We all know there is a fine line between cultural appropriation and cultural appreciation. When Hispanic and Latinx food is praised and highlighted by other cultures, we feel a heartwarming sensation.
For Latinx people, food is the safest route to fill everyone’s hearts. Recipes are passed down through generations, and none of us dare to modify our abuelita’s staple dish.
However, we are not against change, additions, and upgrades. When we see our foods fused with other region’s ideas, we support and appreciate if credits or inspiration are appropriately given.
In recent years, Latin Americans living in the United States have noticed how North American brands and chefs are appropriating certain dishes and selling them as a new idea or a new trend — and we are fed up!
From the beloved avocado toast (pan con aguacate) to milk cake (tres leches), find below traditional Latin American foods people in the U.S think are a new idea.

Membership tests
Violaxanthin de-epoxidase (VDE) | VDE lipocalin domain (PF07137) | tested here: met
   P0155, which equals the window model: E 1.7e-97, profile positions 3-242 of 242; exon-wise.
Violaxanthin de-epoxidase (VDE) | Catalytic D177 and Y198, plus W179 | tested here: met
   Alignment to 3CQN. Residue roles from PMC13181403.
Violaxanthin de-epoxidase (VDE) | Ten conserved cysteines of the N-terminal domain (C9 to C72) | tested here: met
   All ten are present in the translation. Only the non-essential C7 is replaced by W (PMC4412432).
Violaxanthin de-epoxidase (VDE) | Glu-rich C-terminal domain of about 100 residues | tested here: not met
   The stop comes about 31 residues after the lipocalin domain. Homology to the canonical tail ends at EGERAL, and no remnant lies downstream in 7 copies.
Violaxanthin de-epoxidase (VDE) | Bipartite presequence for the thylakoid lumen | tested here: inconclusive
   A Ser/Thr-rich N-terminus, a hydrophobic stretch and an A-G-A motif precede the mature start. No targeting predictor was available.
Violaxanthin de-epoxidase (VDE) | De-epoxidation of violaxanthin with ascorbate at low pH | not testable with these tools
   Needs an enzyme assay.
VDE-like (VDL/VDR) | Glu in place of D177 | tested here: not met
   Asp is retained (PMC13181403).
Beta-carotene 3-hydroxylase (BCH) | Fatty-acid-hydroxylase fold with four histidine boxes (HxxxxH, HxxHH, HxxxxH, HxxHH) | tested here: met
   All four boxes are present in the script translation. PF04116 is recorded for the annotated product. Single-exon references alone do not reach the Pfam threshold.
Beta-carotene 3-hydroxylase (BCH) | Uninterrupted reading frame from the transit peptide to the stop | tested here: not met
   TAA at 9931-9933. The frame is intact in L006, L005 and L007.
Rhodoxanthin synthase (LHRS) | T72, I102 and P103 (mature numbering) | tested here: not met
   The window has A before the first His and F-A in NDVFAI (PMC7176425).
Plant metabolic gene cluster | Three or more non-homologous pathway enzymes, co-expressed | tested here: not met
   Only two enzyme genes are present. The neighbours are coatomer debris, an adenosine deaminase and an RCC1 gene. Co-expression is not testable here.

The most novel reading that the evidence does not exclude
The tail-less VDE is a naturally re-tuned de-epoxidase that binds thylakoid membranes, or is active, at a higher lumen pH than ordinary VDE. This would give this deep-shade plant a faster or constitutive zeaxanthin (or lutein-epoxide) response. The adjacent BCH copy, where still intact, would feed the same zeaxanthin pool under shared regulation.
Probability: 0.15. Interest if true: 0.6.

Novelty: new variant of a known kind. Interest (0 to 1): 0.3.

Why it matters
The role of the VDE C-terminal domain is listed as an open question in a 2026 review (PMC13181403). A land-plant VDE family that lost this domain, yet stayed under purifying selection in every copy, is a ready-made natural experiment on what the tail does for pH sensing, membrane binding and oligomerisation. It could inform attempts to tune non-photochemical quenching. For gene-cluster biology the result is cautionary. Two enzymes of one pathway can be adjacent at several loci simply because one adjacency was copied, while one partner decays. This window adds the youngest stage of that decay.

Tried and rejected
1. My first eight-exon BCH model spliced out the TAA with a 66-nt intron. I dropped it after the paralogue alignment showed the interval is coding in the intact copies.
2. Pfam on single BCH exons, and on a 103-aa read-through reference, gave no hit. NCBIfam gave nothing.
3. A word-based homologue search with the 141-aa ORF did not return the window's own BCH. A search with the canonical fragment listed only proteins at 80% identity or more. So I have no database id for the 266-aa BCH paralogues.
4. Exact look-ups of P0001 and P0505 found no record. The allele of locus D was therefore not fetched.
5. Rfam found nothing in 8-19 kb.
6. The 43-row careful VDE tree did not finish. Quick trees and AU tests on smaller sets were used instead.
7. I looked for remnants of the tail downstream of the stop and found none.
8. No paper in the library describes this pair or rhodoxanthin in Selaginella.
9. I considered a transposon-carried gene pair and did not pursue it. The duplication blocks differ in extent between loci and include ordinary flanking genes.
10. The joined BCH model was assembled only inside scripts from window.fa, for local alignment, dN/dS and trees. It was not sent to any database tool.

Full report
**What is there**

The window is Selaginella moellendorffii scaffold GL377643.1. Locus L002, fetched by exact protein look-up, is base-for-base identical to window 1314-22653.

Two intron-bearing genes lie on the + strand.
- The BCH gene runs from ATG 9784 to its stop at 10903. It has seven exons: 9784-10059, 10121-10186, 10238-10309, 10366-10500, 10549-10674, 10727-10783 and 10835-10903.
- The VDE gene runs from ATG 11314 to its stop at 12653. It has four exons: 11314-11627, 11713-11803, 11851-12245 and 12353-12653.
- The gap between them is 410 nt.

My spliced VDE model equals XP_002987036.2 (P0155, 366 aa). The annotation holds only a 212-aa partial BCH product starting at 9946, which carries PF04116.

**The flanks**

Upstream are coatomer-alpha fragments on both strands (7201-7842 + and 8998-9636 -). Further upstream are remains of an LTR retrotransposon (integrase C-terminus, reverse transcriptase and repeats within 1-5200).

Avocado toast, or Pan con Aguacate, grew popularity in the U.S in the past 15 years. However, this fulfilling and delicious dish that might cost you 12 dollars in certain restaurants has been feeding Dominican people for decades.
Prepared with pan de agua or water bread —an everyday bread found in the Caribbean, known for its crusty top layer and soft inside — salt and olive oil, those living or visiting the Dominican Republic can taste authenticity from any colmado (bodega) or local restaurant.
Caribbean and South American people also need to take this one. Making oat milk is as easy as blending oats with water and straining the liquid. For generations, Latinx communities have used this plant-based liquid to create Jugo de Avena or oat juice.
Months ago, a video of a person pouring milk on their cake went viral. In the comments section, many people started saying they were disgusted and asked if that was a new trend. The Latinx community ran to clarify and let everyone know that the so-called “new trend” is tres leches, a mouthwatering dessert believed to be created by Nicaraguans but became a Latin American dessert.